Java book

Discussion in 'Mac Programming' started by Mr.Random, Aug 10, 2011.

  1. Mr.Random macrumors newbie

    Oct 31, 2009
    I would like to start with programming Java. Which book is best for beginners?

    I have a basic knowledge of C # programming (nothing special).

    Thanks in advance!
  2. Blakeasd macrumors 6502a

    Dec 29, 2009
    I liked Sam's Teach Yourself Java in 24 Hours
  3. larswik macrumors 68000

    Sep 8, 2006
  4. jiminaus macrumors 65816


    Dec 16, 2010
    I second Deitel & Deitel, Java : how to program, 9th ed.

    Another excellent book is Hortstmann, Big Java, 4th ed..

    Both of these spend lots of time teaching object-orientation and algorithm development, in addition to Java syntax and Java library usage.
  5. larswik macrumors 68000

    Sep 8, 2006
    Since we are on the Java topic. I don't think I can use Xcode for Java? Is there a recommended IDE to use for my class?

  6. Cromulent macrumors 603


    Oct 2, 2006
    The Land of Hope and Glory
    I'd stick to a text editor if you are just starting out. MacVim is my choice but any text editor will do (emacs, Text Wrangler, TextMate etc etc). If you absolutely must use an IDE then the choice is either Eclipse, Netbeans or IntelliJ IDEA (there is a free community version).
  7. larswik macrumors 68000

    Sep 8, 2006
    Thanks, I think I would like to compile the code to make sure it works. I don;t think I can do that within a text program. I will download one of those, thanks!
  8. kurayama macrumors newbie

    Jul 2, 2011
    If you're starting, I recommend BlueJ.
    It's the one I've used in my classes.
  9. jpyc7 macrumors 6502

    Mar 8, 2009
    Denver, CO
    I have only used Eclipse as an IDE, but the cool thing about it is that I can use it with languages other than Java by installing plugins. It's strength is definitely Java development.

    Of course, the non-typed languages I've used in Eclipse (Python and Perl) don't really need features like source code refactoring.
  10. mmendoza27 macrumors 6502

    Oct 18, 2007
    I use Coda and TextMate to program in Java. I think it works great and they are very customizable because you focus solely on the code, instead of all the features of the IDE (which may benefit you depending on your project). In the case of compilation, you would just compile with terminal. In terminal, use cd to get to the directory where the files are located at (you could start by putting them on the desktop) and then you compile them with Terminal.

    In this case, you would type:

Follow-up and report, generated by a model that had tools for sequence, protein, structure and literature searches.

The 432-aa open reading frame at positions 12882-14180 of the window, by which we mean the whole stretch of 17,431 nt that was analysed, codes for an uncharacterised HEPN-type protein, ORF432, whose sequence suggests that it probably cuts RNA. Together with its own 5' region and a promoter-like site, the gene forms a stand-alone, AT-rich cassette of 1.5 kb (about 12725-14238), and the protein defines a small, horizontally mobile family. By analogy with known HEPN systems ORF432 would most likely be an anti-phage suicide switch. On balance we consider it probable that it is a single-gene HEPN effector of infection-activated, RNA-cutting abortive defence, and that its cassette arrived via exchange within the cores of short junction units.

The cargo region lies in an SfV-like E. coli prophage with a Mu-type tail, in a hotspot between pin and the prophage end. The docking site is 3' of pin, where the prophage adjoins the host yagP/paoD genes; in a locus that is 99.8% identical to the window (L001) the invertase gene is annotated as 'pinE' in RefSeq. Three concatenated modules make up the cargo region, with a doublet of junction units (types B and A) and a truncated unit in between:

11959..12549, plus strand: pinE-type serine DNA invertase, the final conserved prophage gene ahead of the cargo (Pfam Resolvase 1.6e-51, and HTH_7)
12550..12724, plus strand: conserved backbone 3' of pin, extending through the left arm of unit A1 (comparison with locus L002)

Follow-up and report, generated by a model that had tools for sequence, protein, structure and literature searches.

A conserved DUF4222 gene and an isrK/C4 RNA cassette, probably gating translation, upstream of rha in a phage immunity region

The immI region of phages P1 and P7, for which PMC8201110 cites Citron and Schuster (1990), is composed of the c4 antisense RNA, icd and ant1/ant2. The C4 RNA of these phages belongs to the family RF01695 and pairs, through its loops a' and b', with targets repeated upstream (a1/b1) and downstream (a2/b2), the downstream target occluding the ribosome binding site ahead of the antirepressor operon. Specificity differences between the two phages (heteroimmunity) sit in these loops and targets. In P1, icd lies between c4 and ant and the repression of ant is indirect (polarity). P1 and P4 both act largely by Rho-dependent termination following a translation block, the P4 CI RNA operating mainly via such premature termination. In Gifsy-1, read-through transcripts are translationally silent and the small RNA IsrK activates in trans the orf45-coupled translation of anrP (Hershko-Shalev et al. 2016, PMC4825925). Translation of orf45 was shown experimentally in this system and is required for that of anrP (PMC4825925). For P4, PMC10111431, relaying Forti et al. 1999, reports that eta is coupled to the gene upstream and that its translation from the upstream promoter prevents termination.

javac <NameOfFile>.java [ENTER]
    java <NameOfFile>
    "javac" starts the gcc compiler and will give you any compile-time errors. Believe me, they'll be confusing either way, through IDE or Terminal. Terminal also gives you the line code it's at just like the IDE. You can't use "java" until the program has successfully compiled.

    Again, I prefer it because it's lightweight, less cruft and eventually I'll move to an IDE once I work with big projects but I'm just programming command-line interfaces and learning the UI stuff slowly.
  11. wpotere Guest

    Oct 7, 2010
    The book I learned off of is JAVA: An introduction to problem solving and programming by Savitch. I love this book and highly recommend it. The others listed are also great books.

    ISBN : 0-13-149202-0

    With JAVA I often find that it is easier to teach folks how to start with a simple text editor and then move into an IDE. The main reason for this is that with an IDE like Netbeans or Eclipse, it can be hard to understand what is happening behind the scenes and you can also pickup some bad habits. That being said, I do know a few people that started with them and they are decent programmers now.

    If you have some C# then JAVA shouldn't be to difficult to pick up.

    New edition... Java book by Savitch
  12. talmy macrumors 601


    Oct 26, 2009
    Using an IDE gives easy access to the Javadocs for the system (as well as the source code for the library if you are curious) and eliminates virtually all need for reference books. That said, a standard text editor plus the command line is basically all that is necessary to start.

    I've been programming in Java for over 12 years, mostly Swing apps, and now use Netbeans, which I also use for C++ and Qt 4 programming. Its a very conventionally designed IDE. Most people I know find Eclipse bloated and confusing. What the heck is a "perspective" anyway? (I ask rhetorically.)

    Recommended book: Thinking in Java by Bruce Eckel. Perfect for one with some C# or C++ experience but not good for programming beginners.
  13. macsmurf macrumors 65816


    Aug 3, 2007
    IMHO, the best Java IDE out there is Intellij IDEA, but I would recommend against using it for a beginner. A text editor + terminal is the best way to learn. Once you've used that for a month or so you can go with the IDE of your choice.
  14. larswik macrumors 68000

    Sep 8, 2006
    I will try them all out and see which one works for me. I read the first few pages in the book for my class and it almost feels like I am reading the Objective-C book since they talk about Classes and Methods and it evolved from C++ which evolved from C.

    Are there any big differences from Objective-C and Java?

  15. talmy macrumors 601


    Oct 26, 2009
    Totally different approach to objects in Objective-C. Objective-C is C with a Smalltalk-like extension for objects. C#, which you mentioned, is like a merge of Java and C++, and so Java is easy to pick up from that point of reference.
  16. larswik macrumors 68000

    Sep 8, 2006
    OK so I will need to think about it a little differently even though they use the same terminology like Classes and Methods and so on. The book is 1500 pages or so, it should be fun.


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